The Thinking of Speaking
Issue #28 July / August 2017
News Brief
by Erik Zidowecki
July / August 2017 | 
News Brief
Harry Potter getting
Scots translation

In the fictional world of Harry Potter, the wizarding school called Hogwarts is understood to be somewhere in the Scottish Highlands. Now, for the first time, the first book of the series will be available in a Scots translation.

Harry Potter and the Philosopher’s Stone is being translated by Matthew Fitt for publication in October by the Scottish imprint Itchy Coo, which is part of Black & White publishing, according to an article in The Guardian. It will be the 80th language the first book in the series has been translated into.

Though still working on the translation, Fitt and his publisher released the opening paragraph, which reads: “Mr and Mrs Dursley, o nummer fower, Privet Loan, were prood tae say that they were gey normal, thank ye awfie muckle. They were the lest fowk ye wid jalouse wid be taigled up wi onythin unco or ferlie, because they jist widnae hae onythin tae dae wi joukery packery like yon.”

From Itch Coo's site: "Itchy Coo is an imprint which publishes bestselling books in Scots for children and young people. James Robertson is our General Editor. "

"And it is an education project which works with pupils and teachers to develop their Scots reading and writing skills. Matthew Fitt is our Education programme director. "

Scots, not to be confused with Scottish Gaelic, is a dialect of English spoken by the lowland people of Scotland (approx. 1.5 million). It is descended from the language of the Angles who settled in northern Britain in the 5th century AD. Originally known as ‘Inglis’, it has been influenced by Gaelic, Norse, Latin, Dutch, Norman French, Standard French and English.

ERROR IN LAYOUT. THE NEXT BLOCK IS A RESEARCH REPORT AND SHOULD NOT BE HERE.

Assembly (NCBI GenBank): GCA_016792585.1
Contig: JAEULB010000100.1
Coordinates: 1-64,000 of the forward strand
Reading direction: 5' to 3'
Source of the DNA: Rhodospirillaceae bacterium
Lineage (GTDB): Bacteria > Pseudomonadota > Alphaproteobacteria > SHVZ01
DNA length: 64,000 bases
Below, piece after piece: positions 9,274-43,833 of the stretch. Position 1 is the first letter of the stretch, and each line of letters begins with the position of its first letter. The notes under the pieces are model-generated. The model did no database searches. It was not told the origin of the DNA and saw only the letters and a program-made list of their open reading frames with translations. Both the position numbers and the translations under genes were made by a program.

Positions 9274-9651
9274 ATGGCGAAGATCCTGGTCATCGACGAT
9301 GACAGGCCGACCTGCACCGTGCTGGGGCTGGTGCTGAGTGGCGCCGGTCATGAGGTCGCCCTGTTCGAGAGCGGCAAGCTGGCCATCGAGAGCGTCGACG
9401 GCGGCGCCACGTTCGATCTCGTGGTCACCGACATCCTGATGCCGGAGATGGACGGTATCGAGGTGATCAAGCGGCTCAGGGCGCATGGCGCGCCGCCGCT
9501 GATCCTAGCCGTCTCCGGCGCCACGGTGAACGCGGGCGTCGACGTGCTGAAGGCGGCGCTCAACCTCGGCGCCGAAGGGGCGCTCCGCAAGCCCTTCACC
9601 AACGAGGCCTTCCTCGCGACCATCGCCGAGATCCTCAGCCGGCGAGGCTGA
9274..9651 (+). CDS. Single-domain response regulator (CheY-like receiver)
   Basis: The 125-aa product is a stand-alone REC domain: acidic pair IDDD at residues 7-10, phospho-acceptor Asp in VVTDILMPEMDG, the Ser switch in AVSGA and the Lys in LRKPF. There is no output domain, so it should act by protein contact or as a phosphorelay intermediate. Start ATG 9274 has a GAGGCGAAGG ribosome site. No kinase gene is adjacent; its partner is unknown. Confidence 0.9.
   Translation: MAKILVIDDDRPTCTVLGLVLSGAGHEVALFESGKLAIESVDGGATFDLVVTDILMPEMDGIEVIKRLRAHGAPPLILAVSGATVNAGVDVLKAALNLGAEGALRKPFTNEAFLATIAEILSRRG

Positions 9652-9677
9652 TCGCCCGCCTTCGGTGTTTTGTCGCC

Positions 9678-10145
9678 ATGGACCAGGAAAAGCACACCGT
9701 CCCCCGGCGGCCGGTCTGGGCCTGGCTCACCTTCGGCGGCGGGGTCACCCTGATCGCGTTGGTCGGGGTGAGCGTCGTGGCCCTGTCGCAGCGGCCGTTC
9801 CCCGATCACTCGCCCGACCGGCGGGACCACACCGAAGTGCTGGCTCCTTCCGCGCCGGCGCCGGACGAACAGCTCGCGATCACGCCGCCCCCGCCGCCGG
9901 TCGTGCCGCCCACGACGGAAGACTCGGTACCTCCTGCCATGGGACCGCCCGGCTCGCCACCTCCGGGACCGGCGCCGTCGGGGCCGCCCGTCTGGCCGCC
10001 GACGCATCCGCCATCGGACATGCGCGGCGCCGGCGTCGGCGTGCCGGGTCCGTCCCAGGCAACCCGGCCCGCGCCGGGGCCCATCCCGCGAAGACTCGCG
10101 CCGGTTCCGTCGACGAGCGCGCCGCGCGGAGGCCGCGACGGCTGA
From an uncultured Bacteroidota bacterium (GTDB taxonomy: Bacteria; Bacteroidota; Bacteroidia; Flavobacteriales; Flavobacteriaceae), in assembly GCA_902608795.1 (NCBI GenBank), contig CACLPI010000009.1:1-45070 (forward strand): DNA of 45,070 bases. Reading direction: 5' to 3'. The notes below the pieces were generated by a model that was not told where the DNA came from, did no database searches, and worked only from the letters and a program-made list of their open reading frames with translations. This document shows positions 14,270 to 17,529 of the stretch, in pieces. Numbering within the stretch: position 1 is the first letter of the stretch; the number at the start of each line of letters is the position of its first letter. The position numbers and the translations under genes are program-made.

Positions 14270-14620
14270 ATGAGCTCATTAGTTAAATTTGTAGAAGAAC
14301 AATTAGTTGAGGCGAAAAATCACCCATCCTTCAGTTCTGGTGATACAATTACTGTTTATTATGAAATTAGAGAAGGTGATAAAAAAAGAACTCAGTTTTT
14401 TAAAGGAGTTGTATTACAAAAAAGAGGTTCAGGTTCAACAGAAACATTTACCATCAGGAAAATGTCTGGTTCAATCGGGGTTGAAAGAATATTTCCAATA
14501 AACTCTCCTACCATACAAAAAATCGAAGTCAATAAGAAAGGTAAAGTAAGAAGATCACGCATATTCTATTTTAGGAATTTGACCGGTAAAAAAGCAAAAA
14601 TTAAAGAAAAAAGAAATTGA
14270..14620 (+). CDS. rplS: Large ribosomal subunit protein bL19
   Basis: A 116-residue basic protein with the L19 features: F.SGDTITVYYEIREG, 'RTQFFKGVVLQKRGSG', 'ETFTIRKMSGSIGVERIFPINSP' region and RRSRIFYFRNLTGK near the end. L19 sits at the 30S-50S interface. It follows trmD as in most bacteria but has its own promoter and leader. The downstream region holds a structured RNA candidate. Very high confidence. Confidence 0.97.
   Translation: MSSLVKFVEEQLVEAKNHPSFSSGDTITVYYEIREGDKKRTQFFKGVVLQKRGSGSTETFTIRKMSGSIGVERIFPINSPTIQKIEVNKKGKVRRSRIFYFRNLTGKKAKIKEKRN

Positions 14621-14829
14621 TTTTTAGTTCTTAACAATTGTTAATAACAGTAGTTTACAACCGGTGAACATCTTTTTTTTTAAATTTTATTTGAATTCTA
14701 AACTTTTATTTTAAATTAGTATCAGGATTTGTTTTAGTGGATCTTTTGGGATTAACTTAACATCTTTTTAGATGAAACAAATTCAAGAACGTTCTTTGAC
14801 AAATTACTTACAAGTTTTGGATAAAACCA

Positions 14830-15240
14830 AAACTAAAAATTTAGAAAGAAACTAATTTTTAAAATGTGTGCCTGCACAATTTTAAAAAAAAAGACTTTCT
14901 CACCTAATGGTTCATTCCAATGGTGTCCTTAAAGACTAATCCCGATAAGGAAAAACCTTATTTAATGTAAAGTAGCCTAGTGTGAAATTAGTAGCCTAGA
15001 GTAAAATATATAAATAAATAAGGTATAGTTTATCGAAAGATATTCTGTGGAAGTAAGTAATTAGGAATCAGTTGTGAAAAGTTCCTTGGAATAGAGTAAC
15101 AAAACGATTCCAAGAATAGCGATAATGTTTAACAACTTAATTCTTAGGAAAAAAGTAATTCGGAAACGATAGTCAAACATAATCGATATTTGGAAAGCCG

$7.6m invested in Māori
language resources

The New Zealand Parliament has added $7.6 million to be allocated to funding Maori education in the 2017 Budget, according to Online News - Rereātea.

Education Minister Nikki Kaye, accompanied by Prime Minister Bill English, spoke about what the funding will provide at Roscommon School in South Aukland:

"This funding will accelerate the design and delivery of localised curriculum resources to support te reo Māori for ākonga, kaiako and Kāhui Ako."

"It adds significantly to the $2 million already spent each year on Māori language in education curriculum resources.

"Students in Māori medium and English medium kura and schools are set to benefit from the new resources, which will be created to support students both learning te reo Māori as a subject, and studying other subjects in and through te reo.

"Improving access to quality localised curriculum resources for these children and young people is key to supporting their success in education.

"This is about enabling students to see themselves and their community within their learning environment. This is important, as evidence tells us that if a student’s identity, language and culture are supported throughout their education then they are more likely to succeed and remain engaged in their learning.

News Brief
Writer: Erik Zidowecki

All images are Copyright - CC BY-SA (Creative Commons Share Alike) by their respective owners, except for Petey, which is Public Domain (PD) or unless otherwise noted.


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